Becca’s Story

Becca, Fundraising Volunteer: Volunteering has put me on the path of where I want to be in the future. Find out how volunteering at St Joseph’s Hospice has changed Becca’s life.

Becca was just 13 years old, when St Joseph’s Hospice cared for her grandfather who had dementia and provided support to her mum through carers support group . Becca witnessed what a huge difference St Joseph’s Hospice made to her grandad and mum’s lives and she promised to herself that in the future she would find the ways to give back to the hospice.

In 2019 Becca got involved with Step Up project in Hackney that supports people to access volunteering as part of their mental health recovery and personal journey towards employment. The project coordinator showed Becca a list of different organisations she could volunteer with. When Becca saw St Joseph’s Hospice on that list, she did not hesitate; she knew right away that she wanted to volunteer at the hospice. It was her time to give back.

However, as Becca was going through the volunteer recruitment process, the Covid-19 pandemic hit the world.  Due to compromised health, Becca’s mum had to shield, and in order to protect her mum, Becca made a difficult decision to shield together. Isolation took toll on Becca’s mental health. St Joseph’s Volunteer’s Team continued to keep in touch throughout the pandemic. Becca says that weekly phone check-ins helped her to feel less isolated and firmed her determination to volunteer at St Joseph’s Hospice and in September 2021 she joined the hospice fundraising team.

Feeling anxious

Becca admits that as she did not have any previous fundraising experience, she felt rather anxious on her first volunteering day. However, she spoke with her supervisor Emma team who reassured that it was okay to feel the way Becca was feeling and that Becca can ask any member of the fundraising team for support.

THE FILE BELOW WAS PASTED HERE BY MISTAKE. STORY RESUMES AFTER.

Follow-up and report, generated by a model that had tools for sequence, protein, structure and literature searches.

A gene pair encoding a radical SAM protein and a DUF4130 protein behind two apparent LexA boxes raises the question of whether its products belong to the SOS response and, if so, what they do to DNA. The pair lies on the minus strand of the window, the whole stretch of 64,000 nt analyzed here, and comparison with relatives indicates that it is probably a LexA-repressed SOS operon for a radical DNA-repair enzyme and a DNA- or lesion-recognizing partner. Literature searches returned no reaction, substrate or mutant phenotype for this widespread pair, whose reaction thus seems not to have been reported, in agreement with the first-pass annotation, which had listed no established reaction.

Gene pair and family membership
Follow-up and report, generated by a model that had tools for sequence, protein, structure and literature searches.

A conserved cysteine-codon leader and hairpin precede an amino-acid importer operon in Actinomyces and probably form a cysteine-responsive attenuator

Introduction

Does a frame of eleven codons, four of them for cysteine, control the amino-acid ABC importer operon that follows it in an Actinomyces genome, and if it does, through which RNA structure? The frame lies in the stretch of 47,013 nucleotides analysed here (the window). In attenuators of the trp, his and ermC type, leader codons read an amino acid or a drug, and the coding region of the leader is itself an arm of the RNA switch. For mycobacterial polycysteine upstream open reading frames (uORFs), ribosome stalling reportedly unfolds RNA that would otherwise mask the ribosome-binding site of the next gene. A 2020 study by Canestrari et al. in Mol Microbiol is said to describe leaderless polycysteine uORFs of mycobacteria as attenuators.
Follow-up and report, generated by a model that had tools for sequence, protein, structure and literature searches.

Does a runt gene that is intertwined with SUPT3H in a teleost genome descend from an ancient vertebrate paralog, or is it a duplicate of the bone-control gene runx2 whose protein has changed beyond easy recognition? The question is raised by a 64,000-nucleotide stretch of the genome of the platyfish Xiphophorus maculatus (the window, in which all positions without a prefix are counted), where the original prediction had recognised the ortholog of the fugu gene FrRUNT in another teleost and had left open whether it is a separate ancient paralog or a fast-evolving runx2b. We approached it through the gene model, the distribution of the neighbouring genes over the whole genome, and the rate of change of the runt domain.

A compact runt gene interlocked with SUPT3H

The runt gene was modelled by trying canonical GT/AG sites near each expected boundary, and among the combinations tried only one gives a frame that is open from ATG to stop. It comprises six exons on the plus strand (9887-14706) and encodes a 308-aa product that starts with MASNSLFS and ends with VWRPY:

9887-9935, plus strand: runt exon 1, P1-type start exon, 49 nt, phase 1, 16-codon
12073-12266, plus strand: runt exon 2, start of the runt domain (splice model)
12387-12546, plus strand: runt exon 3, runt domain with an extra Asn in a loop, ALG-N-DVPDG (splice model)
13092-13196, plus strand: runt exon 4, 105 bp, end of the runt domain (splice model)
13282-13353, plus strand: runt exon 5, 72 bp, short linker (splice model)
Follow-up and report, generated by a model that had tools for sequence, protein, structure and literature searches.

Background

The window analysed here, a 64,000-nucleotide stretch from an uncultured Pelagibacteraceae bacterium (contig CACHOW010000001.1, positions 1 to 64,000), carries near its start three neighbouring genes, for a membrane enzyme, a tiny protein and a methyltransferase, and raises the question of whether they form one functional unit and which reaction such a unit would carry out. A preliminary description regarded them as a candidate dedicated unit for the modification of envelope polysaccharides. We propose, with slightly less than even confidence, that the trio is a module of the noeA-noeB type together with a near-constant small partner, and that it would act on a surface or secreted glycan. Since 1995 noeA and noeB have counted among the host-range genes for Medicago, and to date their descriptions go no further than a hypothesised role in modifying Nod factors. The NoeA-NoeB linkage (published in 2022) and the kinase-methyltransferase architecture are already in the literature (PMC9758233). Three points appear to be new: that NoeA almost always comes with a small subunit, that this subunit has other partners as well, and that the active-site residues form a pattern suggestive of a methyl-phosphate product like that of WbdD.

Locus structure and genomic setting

Whilst volunteering, every week Becca was learning something new. As weeks passed, she was given new responsibilities, from tidying up collection tins, preparing fundraising packs, contacting supporters and clearing up the database. Indeed, Becca’s support for the fundraising team was much more than could be reasonably expected of anyone and her commitment and efforts were recognised by the hospice; Becca was rewarded with the Above and Beyond award.

Yet, Becca remains quite modest about her tremendous contribution: “It was nice to have responsibilities. Having been out of work for a long time, I finally felt stimulated. I was building a useful skillset and growing my confidence. I have to say, volunteering has also put me on the path of where I want to be in the future”.

For those who hesitate to start volunteering, Becca says: “You can learn new skills, gain experience and most important build your confidence. Everyone at the hospice is supportive and understanding. It feels okay not to be okay as no one judges you here. Indeed, volunteering can help people who are dealing with mental ill health. Volunteering is a great way to get out of the house, meet new people and reduce your isolation.  Just go for it. It is okay to feel anxious or not ready. Everyone is very supportive here. You never know where volunteering could lead to.” As for Becca, it led to being confident to apply for a paid fundraising role at St Joseph’s Hospice.